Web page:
law provided the anatomists with the bodies of executed murderers. As long as the Barber-Surgeons Company and the College of Physicians could maintain their monopoly on dissection in London, the royal grants, supplemented by the provisions of the common law, were sufficient. By the beginning of the 18th century, however, the strength of the monopolies was failing. The great London hospitals of St. Thomas and St. Bartholomew were teaching anatomy, and private schools run by former hospital lecturers soon appeared in their wake (3). The demand for anatomical subjects grew proportionately.
In 1752 the common law provision for the dissection of murderers was made statutory law by George II, for the reason that "the crime of murder has been more frequently perpetrated than formerly. .and. .it is thereby become necessary that some further terror and peculiar infamy be added to the punishment of death" (2). Far from being an acknowledgment of the growing scientific importance of dissection, this act made the idea even more repugnant to the public and fuelled its determination to protect other possible sources of cadavers from desecration. By 1760, it had become customary in the anatomical schools for students to
dissect for themselves. It was also mandatory for those applying for licenses from the Royal College of Surgeons (the successor to the Barber-Surgeons Company) to attend two full courses of anatomy, with dissection, in London. The result was a spiralling demand for anatomical material for which, even in 18th century Britain, the supply of convicted murderers was insufficient. In 1793 there were over 200 medical students in London and over 1000 in 1823. Practicing surgeons liked to operate at least once on a cadaver before approaching a difficult case, and they, too, required subjects. The surgeons and the students were competing for less than 100 corpses legally available each year (3).
This is not to say that plenty of people were not dying from causes other than public execution. The situation was intolerable; the demand for bodies was rising, and the medicine of the day did much to hasten the ill to their graves, yet this plentiful supply of material was being wastefully carted off and buried unexamined. Moreover, through a quirk of English law, to steal a shroud or a coffin was considered a crime against the property of a dead man's heirs and subject to stiff punishment, but a man did not own his own body. He could not will it as property, nor was the theft of a body a crime, unless for the purpose of witchcraft. In such circumstances it would have been surprising had grave-robbing not become a common medical practice.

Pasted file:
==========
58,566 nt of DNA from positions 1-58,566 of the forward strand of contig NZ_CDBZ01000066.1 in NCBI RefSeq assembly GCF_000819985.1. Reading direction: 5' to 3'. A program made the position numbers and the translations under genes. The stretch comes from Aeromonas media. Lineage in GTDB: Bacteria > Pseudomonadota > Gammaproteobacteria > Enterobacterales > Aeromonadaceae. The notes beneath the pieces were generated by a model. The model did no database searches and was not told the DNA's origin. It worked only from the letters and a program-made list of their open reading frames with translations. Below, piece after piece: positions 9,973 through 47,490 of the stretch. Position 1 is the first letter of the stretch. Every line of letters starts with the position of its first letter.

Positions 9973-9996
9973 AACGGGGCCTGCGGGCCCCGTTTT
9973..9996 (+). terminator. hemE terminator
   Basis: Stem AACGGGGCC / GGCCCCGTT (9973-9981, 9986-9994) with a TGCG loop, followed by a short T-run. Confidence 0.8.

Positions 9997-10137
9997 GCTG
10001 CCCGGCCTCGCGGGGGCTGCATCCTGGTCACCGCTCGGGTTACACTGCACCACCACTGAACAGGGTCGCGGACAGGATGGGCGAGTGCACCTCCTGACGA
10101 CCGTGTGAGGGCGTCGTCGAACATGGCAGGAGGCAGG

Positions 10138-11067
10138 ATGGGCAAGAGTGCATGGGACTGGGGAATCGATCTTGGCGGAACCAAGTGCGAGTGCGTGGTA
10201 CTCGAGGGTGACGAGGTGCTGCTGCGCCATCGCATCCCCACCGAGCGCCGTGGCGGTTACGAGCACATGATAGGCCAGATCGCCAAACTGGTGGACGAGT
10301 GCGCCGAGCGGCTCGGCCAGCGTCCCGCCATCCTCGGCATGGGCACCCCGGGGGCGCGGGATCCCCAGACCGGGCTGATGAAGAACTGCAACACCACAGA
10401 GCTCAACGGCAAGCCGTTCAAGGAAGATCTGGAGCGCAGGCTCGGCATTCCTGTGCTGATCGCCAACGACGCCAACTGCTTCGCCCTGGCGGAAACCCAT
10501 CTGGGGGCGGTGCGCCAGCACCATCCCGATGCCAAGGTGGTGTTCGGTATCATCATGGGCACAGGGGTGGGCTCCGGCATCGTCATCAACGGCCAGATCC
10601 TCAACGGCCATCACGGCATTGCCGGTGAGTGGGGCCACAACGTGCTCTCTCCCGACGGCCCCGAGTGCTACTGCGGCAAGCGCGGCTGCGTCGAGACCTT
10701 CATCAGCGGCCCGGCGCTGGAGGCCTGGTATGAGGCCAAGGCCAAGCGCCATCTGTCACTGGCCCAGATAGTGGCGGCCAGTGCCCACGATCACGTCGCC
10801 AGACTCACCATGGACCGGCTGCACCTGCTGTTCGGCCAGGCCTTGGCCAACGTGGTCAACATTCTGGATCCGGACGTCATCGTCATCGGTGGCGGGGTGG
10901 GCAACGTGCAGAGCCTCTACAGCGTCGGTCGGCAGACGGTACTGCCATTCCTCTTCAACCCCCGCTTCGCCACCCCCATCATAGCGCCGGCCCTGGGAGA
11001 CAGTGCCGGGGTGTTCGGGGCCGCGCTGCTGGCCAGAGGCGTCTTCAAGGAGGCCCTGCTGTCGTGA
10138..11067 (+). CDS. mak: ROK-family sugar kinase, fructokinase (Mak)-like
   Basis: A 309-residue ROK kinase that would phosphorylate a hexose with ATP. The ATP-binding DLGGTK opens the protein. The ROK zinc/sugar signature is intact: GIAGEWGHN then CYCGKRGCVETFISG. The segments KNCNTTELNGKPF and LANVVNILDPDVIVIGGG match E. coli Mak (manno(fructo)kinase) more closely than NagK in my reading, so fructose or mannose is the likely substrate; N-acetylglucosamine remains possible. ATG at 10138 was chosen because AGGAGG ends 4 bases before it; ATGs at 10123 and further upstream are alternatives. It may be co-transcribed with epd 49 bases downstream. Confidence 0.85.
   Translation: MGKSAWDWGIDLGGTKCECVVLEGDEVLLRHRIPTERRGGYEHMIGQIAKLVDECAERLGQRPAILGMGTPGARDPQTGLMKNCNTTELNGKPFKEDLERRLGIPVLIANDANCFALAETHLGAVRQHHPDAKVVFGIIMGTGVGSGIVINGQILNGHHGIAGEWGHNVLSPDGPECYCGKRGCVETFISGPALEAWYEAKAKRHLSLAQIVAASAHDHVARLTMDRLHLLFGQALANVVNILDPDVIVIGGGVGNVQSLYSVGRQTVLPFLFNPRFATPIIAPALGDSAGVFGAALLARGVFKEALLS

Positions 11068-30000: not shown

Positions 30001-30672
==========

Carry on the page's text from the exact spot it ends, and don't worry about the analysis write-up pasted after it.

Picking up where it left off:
GROWTH OF THE RESURRECTION TRADE "In the early days of British anatomy, all the body-snatching was done by
gentlemen" (3). At first the grave-robbers were mostly amateurs, medical students or hospital porters who stole for their own use, or their professor's. An anatomy professor in Dublin, for example, on hearing of the death of a giant named Corney Magrath, told his class: Gentlemen, I have been told that some of you in your zeal have contemplated carrying off the body. I earnestly beg you not to think of such a thing: but if you should be so carried away with your desire for knowledge that thus against my expressed wish you persist in doing so, I would have you remember that if you take only the body, there is no law whereby you can be touched, but if you so much as take a rag or a stocking with it, it is a hanging matter (3).
The students, needless to say, managed to spirit the giant away from his own wake and shortly had him completely dissected.